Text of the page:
Archive for April, 2014

what happens in the desert . . .   15 comments

Posted at 9:04 am in Arizona,desert,plants,Uncategorized

Several years ago, Don returned from a trip to Arizona wearing a t-shirt that said, “what happens in the desert, stays in the desert”. That’s more or less true. For the fifth consecutive year, I’ve returned to the north with part of my soul remaining behind. However, this year, with it being so dry in southeast Arizona, part of the desert tried to come home with me. My van is probably carrying a couple of pounds of red dust. It’s on and inside of everything, including the guitar, banjo and fiddle cases.

As most of you will know, this blog has been very quiet over the winter. In part, it was a case of me not feeling much like writing, but also due to preoccupation with the project that was alluded to in the previous blog post. After five years of renting a house in town, It seened time to move on. The rental house has been a good thing in my life — sort of like a big life raft floating serenely on the Sea of Chaos. However, now, with the old place at Round Hill gradually taking shape, it felt like the right time to leave the raft and swim off into a new adventure.

And so, after a bit of planning, Larry and I decided to get started building a small cabin in the desert. Just a simple place that would provide something of a home base in the southwest. Somewhere to hang a hat in the desert, when not off wandering elsewhere in the world.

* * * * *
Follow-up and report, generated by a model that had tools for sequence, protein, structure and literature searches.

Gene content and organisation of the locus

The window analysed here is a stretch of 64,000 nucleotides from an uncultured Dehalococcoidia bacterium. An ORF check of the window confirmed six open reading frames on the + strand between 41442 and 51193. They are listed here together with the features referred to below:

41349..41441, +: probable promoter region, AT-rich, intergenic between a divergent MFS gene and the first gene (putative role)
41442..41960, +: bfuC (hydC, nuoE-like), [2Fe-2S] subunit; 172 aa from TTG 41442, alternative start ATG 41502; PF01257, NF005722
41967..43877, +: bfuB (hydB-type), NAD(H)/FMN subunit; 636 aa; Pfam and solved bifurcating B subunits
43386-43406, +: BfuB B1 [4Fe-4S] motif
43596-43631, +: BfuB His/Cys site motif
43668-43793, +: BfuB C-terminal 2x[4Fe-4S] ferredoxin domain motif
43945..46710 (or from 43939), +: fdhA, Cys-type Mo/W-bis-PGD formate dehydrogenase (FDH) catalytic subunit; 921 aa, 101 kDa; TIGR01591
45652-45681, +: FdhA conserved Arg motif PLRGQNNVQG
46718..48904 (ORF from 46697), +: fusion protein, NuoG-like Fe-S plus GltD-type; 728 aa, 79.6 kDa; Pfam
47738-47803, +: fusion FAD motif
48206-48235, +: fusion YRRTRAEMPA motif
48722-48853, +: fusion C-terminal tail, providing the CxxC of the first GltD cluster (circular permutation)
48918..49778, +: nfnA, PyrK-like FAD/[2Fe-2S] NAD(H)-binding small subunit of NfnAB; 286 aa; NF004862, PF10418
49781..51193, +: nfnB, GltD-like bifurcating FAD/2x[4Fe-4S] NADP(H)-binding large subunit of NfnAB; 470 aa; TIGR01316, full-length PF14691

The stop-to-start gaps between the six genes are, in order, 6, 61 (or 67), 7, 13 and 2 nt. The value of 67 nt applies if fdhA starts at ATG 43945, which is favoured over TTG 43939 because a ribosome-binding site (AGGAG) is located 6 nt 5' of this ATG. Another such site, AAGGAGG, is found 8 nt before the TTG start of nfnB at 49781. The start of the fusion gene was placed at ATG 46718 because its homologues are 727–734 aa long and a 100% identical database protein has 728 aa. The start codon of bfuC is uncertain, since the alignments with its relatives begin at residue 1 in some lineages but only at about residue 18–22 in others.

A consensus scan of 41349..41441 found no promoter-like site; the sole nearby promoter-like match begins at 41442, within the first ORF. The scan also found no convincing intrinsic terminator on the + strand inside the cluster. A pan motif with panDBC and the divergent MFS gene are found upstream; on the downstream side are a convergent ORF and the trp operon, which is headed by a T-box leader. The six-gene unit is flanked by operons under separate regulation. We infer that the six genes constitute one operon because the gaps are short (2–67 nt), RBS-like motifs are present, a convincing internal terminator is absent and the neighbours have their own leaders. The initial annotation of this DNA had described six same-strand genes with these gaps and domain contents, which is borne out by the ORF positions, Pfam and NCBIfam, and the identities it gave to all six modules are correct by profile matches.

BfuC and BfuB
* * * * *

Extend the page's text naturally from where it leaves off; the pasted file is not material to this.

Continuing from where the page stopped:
We chose a location where we would be surrounded by nature – and it is, from just about the second you step out the door. It’s Chihuahuan desert, dominated by mesquite, whitethorn acacia, creosote bush, devil’s claw, yucca, and other arid land plants.

In places, ant hills scatter the sand like craters on a moonscape.

Footprints of javelina, fox, coyote, roadrunner, kangaroo rat, lizards, and other creatures form a network of trails. Kestrel, ravens, vultures, harriers, redtail hawks, and in winter, sandhill crane, glide and soar overrhead.

Every foray presents us with some new plant, creature, fascinating rock, or old relic from past. There is a 360 view of the sky. Sunrises, sunsets and clouds take on a greater significance. At night, the moon and stars take center stage.

The dogs love the freedom of racing down washes and around hummocks of mesquite – as do we.

The cabin is compact and simple – built strong and solid. Larry’s former days of building timber frame houses made it so. The exterior is of stucco – this photo taken after the second coat but before the final pigmented finish coat which, we hope, will be about the colour of dried grass in winter. It’s off the grid, so relies on solar for all power. It has a loft and will have steps and a porch out front. Larry has stayed on to complete the building while I return to work on the old house up north.

Before leaving, I made a circle of stones on a little rise above one of the more pronounced washes. Over a couple of days, I collected a about three dozen small boulders – the beginning of a pile that may be used to build a round structure as a place to paint and play music. That’s stuff for the future – next year and beyond…

Inside the circle, I arranged findings of the last few days’ walks before leaving. Compass-like, an odd rusty piece of metal points northeast. This summer in the north, I shall make another pointing southwest. It is good to have markers pointing the way home.

Written by bev wigney on April 17th, 2014